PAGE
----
Glycaemic Index – What is it and why is it important?

The Glycaemic index, of GI is a rating give to foods, which contain carbohydrates. The GI is a comparison to glucose, a sugar and determines how fast a food raises your blood sugar level.

Your brain can only use glucose for energy and your digestive system is optimised for extracting glucose from your food, therefore anything which can be quickly converted into glucose, such as other sugars and simple starches, will lead to rapid rises in blood sugar. Glucose is given a GI rating of 100, which is the highest.

High GI foods, weight gain and diabetes

Low GI foods release sugars much more slowly, so help to reduce wild fluctuations in blood sugar. Why is this important? While we need sugar in our blood, we want to keep the levels fairly constant. Rapid increases are dangerous, so the body reacts by producing insulin, which converts the sugar into a substance called glycogen, which can be safely stored for later use. If blood sugar rises too rapidly, the body over-reacts, produces too much insulin, blood sugar drops and we feel hungry again. This is why eating foods high in sugar, or white bread, white pasta, biscuits, etc. will often leave us feeling hungry again.

In addition to this, the body can only store a limited amount of glycogen. Once these stores are full, the excess sugar is converted to fat. This is why when we eat more calories than our body needs, we put on weight – we literally get fat. If our body is constantly having to create insulin and store excess energy, it can also lead to insulin resistance and type-2 diabetes, which is why diabetes is often symptomatic of obesity.

The Glycaemic Index of a food is affected by a number of factors, including the type of starch the food contains, how much fibre is present, particle size and so on. White bread flour has had virtually all the fibre removed and is a very fine powder, compared with wholemeal flour, which has lots of fibre and a bigger particle size. The end result is that white flour has a very high GI, while wholemeal is much lower.

Rice is a slightly different case. Interestingly, brown rice, while lower GI than white is still quite high. Quick-cook Basmati rice is medium GI, while Basmati that takes longer to cook (20-25 minutes) is the lowest GI. Changing from standard quick-cook white rice to Basmati rice is something that most people can easily do and which has straight-forward benefits.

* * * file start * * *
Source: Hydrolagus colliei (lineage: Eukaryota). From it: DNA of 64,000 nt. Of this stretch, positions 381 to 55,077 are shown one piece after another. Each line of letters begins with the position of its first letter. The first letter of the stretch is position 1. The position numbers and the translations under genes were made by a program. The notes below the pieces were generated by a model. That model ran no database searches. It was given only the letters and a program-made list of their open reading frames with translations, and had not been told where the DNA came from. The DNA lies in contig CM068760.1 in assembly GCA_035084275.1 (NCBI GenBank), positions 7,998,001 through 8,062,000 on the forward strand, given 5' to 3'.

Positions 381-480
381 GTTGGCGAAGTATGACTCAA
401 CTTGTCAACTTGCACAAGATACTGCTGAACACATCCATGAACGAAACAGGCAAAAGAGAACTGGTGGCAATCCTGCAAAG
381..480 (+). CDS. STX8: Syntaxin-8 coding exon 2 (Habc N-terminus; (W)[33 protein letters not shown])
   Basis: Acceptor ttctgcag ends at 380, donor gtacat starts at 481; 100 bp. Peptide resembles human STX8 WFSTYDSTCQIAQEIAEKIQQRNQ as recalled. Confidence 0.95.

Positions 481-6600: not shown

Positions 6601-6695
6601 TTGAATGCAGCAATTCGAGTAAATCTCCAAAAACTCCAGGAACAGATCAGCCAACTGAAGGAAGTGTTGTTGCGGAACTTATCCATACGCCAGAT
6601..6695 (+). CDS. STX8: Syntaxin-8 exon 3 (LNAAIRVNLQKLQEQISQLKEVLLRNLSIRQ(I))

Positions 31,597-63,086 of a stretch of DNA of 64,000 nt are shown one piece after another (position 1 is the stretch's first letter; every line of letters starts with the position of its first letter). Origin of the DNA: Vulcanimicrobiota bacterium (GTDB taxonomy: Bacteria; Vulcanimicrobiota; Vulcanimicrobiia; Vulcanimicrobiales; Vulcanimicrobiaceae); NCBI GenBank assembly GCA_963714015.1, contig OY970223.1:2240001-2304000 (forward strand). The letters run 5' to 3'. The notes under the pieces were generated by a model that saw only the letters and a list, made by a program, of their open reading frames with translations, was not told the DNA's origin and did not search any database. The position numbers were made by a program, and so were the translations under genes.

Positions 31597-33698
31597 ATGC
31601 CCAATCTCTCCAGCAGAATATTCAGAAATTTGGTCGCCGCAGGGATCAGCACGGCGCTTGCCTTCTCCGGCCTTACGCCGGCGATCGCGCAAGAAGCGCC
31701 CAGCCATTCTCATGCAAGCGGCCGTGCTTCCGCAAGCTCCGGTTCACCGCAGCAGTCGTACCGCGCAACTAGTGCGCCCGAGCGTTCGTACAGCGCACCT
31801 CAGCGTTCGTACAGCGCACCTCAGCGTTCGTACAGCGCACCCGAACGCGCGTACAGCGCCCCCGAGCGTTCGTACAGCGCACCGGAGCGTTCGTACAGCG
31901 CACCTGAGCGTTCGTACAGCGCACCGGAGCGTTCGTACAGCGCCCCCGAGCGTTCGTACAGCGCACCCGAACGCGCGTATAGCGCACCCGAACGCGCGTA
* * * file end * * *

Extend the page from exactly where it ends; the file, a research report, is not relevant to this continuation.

Knowing which foods are low GI

Foods which have lower a lower GI and therefore release their sugars more slowly are often those that have more fibre. Wholemeal bread and whole wheat pasta have much a much lower GI than their processed, white counterparts. Oats (so long as they are not ultra-processed quick oats) have a low GI, whereas cornflakes and puffed rice type cereals have a very high GI and often have sugar sprinkled on top, which makes them even worse!

All beans, lentils, nuts and pulses have low GI. Boiled Potatoes eaten with the skin have a low GI. However, baked (even with the skin) and mashed potato are very high GI. Most fresh fruit is low to medium GI, however, watermelon, lychees and fruit juice all have very high GI.

All green veg and carrots are low GI. Beetroot, sweetcorn and sweet potato & butternut squash are medium GI, while parsnips have a high GI. Dairy products such as cheese, milk and plain yogurt are low GI, however, flavoured yogurts with added sugar have medium to high GI.

Interestingly, fat does help to reduce a food’s GI. For instance crisps and milk chocolate have lower GIs than you might expect. However, not many people are going to tell you that high-fat foods are healthy choices!

Glycaemic index isn’t of course the be-all and end-all of choosing what to eat, it simply indicates how quickly that food’s sugar will be absorbed. There’s nothing wrong with having a few high GI foods in your diet. However, they need to be balanced with a much larger proportion of low & medium GI foods, particularly those high in fibre, as fibre has an important role in regulating blood sugar levels.

2 thoughts on “Glycaemic Index – What is it and why is it important?”

  1. Pingback: Food Labelling – understanding the nutritional information – Revive Fitness Classes

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